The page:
In 1953 I was asked to help Brother Douglas in his work among post-mental cases and others at the old wayfarers home at Goodworth Clatford near Andover. After his heroic work among crippled German Soldiers in Germany, a naval chaplain, John Armstrong, having heard him preach to sailors, suggested he become chaplain for the services hostel, the Trafalgar Club, in a heavily bombed area of Portsmouth. He wrote to Fr Algy about it, and received the reply that the Chapter had agreed to his accepting the invitation. He soon drew around him a group of interested servicemen. In the spring of 1951 he had been one of the missioners of the University Mission, but he was already showing signs of ill health. In the autumn he had to go into hospital for a prostate operation. I was then asked to go and substitute for him at the Trafalgar Club. The group of servicemen whom he had gathered round him brought him quantities of oranges, grapes and "Lucozade". I was able to attend the Eucharist at what was Fr Dolling's half-bombed church, nearby in Portsea.
Brother Douglas began to talk about his concern for the many young servicemen, who had developed some form of mental trouble, but were not bad enough to go into a hospital. He thought that the Goodworth Clatford wayfarer's home might be a suitable convalescent home for such men. Though still officially chaplain of the Trafalgar Club, he went alone to Goodworth Clatford and, with the help of the servicemen and some friends, he began getting the place in order. The men also cut wood for the fires. In the Autumn, he was again very ill and returned to the hospital for a second operation, having developed enteritis. After his operation he went to stay with his old friend the Rev. D. J. Taffinger in Wiltshire and I was asked to go and help with things at Goodworth Clatford. (For a description of what I found there, see my biography of Brother Douglas page 139.) The locals made some protest at what Brother Douglas intended to do there, so Brother Douglas had to say that he would not be taking patients straight from mental hospitals.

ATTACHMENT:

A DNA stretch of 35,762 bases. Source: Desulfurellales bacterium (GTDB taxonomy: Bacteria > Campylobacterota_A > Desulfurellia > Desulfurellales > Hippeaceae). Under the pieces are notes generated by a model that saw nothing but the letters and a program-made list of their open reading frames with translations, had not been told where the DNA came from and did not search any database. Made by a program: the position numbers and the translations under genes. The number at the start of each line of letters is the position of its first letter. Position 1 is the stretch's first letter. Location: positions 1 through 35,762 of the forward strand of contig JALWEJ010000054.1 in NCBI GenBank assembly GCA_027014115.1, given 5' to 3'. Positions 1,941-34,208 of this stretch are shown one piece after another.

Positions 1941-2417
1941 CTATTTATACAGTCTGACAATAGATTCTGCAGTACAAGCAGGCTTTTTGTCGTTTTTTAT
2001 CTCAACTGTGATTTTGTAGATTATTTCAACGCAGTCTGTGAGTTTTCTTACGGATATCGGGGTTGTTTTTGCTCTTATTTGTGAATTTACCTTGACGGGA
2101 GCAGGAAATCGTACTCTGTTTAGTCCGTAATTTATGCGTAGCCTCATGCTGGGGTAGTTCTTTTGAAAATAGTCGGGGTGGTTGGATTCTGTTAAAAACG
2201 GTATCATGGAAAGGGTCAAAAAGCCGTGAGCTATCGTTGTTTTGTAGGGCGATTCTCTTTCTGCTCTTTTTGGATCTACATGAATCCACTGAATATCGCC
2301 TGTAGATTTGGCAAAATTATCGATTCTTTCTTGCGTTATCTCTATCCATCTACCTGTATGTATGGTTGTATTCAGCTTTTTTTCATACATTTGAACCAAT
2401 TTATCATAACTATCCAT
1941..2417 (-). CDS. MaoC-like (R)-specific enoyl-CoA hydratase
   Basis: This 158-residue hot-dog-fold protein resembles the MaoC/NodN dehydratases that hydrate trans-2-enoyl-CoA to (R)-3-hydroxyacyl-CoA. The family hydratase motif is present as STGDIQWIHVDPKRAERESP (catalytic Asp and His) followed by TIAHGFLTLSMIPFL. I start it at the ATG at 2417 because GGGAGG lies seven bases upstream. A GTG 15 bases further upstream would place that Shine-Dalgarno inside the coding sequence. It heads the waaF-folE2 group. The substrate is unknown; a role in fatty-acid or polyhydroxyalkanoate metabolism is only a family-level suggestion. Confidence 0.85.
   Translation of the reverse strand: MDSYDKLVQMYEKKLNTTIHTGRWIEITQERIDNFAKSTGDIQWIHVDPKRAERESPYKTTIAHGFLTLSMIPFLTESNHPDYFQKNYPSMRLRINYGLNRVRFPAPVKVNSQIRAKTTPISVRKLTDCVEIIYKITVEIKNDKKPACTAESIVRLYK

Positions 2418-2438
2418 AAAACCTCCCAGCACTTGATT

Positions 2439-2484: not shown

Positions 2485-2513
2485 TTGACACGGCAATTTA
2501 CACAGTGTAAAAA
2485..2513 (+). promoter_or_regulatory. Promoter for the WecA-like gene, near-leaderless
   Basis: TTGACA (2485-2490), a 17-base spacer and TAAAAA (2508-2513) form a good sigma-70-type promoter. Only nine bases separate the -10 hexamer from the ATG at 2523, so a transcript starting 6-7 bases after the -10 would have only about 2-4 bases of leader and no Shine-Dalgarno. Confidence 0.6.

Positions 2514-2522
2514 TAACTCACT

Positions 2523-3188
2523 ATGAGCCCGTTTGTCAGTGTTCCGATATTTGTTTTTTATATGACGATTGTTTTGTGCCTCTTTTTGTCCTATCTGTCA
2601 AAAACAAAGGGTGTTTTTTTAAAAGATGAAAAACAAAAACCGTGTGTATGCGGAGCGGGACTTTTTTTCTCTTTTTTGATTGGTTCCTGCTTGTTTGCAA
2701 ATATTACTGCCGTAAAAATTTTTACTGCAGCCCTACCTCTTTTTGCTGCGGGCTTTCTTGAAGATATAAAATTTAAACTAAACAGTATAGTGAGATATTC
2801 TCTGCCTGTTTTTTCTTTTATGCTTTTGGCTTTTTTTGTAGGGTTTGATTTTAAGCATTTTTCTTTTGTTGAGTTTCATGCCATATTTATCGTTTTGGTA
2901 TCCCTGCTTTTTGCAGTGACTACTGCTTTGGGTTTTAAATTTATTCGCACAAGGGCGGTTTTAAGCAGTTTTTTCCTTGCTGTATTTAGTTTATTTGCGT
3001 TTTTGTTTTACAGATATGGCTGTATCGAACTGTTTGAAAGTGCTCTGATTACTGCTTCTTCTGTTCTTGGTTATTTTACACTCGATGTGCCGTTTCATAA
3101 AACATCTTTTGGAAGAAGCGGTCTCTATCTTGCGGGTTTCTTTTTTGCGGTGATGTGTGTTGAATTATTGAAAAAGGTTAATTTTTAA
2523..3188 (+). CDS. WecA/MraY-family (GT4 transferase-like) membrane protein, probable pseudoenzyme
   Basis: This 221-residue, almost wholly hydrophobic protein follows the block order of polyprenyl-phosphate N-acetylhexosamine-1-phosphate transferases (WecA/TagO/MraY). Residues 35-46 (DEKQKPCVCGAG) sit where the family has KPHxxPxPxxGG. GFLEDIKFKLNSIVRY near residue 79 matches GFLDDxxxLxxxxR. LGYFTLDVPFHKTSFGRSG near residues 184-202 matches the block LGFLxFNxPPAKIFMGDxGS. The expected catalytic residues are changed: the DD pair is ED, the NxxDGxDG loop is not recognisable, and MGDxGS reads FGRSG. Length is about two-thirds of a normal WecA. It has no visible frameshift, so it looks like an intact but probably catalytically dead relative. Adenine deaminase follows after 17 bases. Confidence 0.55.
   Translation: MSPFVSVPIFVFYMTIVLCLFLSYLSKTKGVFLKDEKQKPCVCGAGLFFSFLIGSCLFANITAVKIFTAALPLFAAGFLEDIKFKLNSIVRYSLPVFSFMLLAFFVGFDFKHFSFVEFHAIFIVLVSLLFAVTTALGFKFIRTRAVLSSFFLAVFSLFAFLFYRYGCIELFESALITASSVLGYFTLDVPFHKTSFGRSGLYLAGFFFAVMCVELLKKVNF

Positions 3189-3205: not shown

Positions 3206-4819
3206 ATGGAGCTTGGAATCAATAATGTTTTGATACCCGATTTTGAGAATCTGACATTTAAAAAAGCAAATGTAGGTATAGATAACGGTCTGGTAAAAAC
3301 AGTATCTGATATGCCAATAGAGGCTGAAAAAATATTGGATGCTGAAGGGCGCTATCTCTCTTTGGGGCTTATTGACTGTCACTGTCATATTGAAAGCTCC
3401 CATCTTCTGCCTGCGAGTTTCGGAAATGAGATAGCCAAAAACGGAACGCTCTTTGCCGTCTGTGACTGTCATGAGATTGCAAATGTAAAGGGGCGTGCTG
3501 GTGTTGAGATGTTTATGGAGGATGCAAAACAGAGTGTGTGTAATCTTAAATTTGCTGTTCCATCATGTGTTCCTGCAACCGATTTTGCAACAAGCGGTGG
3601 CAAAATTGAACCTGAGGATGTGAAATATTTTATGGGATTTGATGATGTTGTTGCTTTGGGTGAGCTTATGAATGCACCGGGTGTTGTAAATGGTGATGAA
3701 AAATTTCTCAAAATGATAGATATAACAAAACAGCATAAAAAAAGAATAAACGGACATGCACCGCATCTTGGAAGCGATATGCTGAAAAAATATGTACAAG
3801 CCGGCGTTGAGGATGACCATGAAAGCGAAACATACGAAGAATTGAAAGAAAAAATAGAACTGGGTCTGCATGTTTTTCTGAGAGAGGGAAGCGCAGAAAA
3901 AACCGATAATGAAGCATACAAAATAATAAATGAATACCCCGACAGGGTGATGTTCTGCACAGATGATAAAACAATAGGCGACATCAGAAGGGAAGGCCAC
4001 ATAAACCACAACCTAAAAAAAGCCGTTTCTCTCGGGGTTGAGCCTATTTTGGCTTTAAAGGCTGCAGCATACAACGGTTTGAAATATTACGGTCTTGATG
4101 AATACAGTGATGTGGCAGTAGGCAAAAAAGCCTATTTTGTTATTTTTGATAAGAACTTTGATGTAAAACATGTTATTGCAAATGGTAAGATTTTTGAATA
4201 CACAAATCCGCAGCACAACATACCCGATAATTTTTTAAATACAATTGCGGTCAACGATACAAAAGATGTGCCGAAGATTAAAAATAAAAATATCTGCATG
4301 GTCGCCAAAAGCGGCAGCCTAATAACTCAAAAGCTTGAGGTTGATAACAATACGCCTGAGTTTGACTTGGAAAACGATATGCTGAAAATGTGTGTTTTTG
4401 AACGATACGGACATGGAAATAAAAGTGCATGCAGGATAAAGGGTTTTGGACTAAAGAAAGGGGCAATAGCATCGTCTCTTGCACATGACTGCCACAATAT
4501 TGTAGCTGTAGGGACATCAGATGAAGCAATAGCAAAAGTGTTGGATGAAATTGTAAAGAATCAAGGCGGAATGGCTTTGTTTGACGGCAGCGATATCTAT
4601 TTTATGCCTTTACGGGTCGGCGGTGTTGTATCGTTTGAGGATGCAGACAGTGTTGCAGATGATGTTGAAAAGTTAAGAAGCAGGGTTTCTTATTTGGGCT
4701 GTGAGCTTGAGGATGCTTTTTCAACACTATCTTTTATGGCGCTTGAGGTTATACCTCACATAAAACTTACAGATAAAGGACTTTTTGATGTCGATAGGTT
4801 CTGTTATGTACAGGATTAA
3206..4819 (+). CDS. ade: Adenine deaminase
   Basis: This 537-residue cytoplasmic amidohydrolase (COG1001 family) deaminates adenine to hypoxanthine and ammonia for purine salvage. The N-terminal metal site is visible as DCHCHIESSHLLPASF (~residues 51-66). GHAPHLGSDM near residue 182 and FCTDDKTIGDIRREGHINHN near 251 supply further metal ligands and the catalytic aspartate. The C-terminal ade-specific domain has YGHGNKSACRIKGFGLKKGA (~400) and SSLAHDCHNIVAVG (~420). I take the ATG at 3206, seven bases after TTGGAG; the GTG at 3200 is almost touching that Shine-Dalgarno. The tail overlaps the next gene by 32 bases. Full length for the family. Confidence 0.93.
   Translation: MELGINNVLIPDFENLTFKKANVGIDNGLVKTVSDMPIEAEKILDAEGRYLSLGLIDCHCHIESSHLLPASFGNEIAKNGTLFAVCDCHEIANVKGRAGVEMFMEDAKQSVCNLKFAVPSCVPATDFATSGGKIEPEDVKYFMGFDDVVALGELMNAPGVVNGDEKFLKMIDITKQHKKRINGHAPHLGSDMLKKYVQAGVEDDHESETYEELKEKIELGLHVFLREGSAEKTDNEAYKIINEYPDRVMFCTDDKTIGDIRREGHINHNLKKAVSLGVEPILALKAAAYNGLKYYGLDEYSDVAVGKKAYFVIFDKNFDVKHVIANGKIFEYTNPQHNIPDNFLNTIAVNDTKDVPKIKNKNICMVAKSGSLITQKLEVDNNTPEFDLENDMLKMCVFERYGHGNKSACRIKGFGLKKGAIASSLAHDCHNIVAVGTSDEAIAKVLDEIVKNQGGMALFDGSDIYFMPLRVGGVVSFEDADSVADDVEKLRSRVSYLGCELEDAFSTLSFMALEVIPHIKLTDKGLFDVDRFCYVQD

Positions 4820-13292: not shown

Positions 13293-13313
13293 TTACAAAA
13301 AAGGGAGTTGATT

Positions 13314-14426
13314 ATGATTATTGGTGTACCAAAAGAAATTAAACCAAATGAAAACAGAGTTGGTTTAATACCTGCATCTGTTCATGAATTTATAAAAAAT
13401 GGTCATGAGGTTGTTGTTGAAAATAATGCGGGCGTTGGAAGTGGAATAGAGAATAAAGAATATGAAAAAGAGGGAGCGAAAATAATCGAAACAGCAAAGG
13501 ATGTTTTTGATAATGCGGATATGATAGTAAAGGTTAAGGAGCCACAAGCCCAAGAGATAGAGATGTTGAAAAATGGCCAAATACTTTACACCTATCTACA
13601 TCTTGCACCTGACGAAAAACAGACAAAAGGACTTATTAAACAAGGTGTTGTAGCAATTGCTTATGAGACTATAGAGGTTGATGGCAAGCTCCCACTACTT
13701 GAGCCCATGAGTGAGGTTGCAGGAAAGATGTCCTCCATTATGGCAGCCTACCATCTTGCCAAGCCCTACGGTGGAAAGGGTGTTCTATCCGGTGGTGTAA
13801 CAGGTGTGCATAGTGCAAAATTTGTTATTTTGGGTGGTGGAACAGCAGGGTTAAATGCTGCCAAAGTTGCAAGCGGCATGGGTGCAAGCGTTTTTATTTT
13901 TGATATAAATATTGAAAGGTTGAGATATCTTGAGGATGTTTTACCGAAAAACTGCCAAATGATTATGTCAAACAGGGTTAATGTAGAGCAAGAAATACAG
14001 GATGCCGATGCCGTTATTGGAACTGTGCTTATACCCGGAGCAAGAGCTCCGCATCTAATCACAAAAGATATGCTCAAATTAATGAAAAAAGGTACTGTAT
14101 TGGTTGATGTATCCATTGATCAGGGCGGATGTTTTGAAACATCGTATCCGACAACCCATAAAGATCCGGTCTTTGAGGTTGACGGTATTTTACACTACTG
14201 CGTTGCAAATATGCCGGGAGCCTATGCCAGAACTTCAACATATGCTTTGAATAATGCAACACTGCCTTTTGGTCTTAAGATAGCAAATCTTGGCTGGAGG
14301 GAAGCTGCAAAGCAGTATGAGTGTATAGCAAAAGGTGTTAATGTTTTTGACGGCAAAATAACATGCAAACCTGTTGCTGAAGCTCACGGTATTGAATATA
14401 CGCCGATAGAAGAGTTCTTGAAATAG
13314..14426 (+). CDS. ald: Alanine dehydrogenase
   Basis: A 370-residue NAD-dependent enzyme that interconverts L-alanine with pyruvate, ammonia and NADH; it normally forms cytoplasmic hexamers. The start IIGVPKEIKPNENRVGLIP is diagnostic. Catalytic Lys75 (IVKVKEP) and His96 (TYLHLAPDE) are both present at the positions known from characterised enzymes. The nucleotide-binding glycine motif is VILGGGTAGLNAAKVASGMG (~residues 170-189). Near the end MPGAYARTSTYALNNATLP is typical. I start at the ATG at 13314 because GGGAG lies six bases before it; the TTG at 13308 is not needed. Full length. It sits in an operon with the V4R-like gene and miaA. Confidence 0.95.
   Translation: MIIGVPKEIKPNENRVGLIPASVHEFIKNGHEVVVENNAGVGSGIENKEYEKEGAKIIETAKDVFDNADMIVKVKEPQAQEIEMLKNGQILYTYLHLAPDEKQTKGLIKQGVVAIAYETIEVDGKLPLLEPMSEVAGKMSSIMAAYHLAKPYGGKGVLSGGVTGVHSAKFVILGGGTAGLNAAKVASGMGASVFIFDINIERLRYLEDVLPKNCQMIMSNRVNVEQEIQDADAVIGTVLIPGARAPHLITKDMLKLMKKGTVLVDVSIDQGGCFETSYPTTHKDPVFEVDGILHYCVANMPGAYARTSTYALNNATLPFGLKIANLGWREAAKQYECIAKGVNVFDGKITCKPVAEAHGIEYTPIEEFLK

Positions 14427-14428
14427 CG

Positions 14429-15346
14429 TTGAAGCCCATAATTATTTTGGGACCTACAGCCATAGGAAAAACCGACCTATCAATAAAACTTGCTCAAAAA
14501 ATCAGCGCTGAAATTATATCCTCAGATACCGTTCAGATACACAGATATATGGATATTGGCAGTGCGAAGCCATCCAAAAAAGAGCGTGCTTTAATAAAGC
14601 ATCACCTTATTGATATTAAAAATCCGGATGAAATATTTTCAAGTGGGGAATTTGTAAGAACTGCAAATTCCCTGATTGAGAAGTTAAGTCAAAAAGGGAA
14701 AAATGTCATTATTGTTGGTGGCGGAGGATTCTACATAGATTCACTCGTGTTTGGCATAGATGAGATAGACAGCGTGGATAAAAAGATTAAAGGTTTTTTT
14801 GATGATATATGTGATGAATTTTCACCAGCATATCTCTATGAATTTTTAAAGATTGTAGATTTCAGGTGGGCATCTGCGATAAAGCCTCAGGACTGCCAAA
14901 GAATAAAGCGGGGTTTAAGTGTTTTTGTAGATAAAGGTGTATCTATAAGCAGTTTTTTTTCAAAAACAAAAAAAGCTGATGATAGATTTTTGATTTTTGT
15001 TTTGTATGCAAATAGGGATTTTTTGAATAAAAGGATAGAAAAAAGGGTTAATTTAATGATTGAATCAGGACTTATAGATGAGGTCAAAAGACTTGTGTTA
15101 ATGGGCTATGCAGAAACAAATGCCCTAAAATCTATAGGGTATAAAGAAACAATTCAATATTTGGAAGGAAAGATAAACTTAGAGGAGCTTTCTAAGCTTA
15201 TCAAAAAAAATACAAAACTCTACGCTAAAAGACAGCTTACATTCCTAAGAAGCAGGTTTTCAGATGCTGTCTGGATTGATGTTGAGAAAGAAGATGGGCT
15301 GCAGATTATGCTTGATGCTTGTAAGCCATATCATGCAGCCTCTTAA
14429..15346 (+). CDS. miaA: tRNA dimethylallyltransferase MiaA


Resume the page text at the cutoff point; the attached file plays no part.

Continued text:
Randall Dale, who later became a brother in S.S.F., came to help as steward and cook. Through the generosity of a friend in Banbury he [49/50] began to take in some working men, who were finding it difficult to find accommodation elsewhere, for those who for some reason drifted onto the roads and for those who, because of some temperamental difficulty, were not able to hold their own in the world. But, although he was still able to plant potatoes in the garden and to look after poultry, Brother Douglas was beginning to spend a lot of time lying in bed. This gave me the opportunity to collect material from him for the writing of his biography, which I had been asked by the chapter to do. I was able not only to get his story from his own lips, but also to look at a rough note book in which he had recorded various incidents in his life.
In 1954 I was asked to return to Hilfield to look after the novices there. Br. Charles was sent to take my place looking look after Brother Douglas and the Goodworth Clatford home. At Hilfield, I found Fr Algy becoming increasingly infirm and in much pain, but still conducting retreats in various places. On the Feast of the Stigmata of St. Francis he preached his last sermon at the Friary, which left him utterly exhausted. The next week he went for a rest to his mother's house at Ealing. The doctor ordered him to have a strict diet and to take a complete rest. On Sept. 25th he wrote to Brother Christopher a letter, to be read to the community at supper. In it he said that his heart was giving him trouble, and that he was asking Fr. Denis to be the acting Guardian and his representative in community matters during his absence. Lectures were to begin on Michaelmas Day and were to be given by Br. Reginald and myself. I was to shepherd the novices. In November Algy had to go to the Gordon Hospital in Westminster for observation. He prayed that his suffering might be for the glory of God, and that his time in hospital might be used for prayer and for growing in love. He was found to have an inoperable cancer of the liver, which was growing very quickly. On November 23rd 1955 he passed away.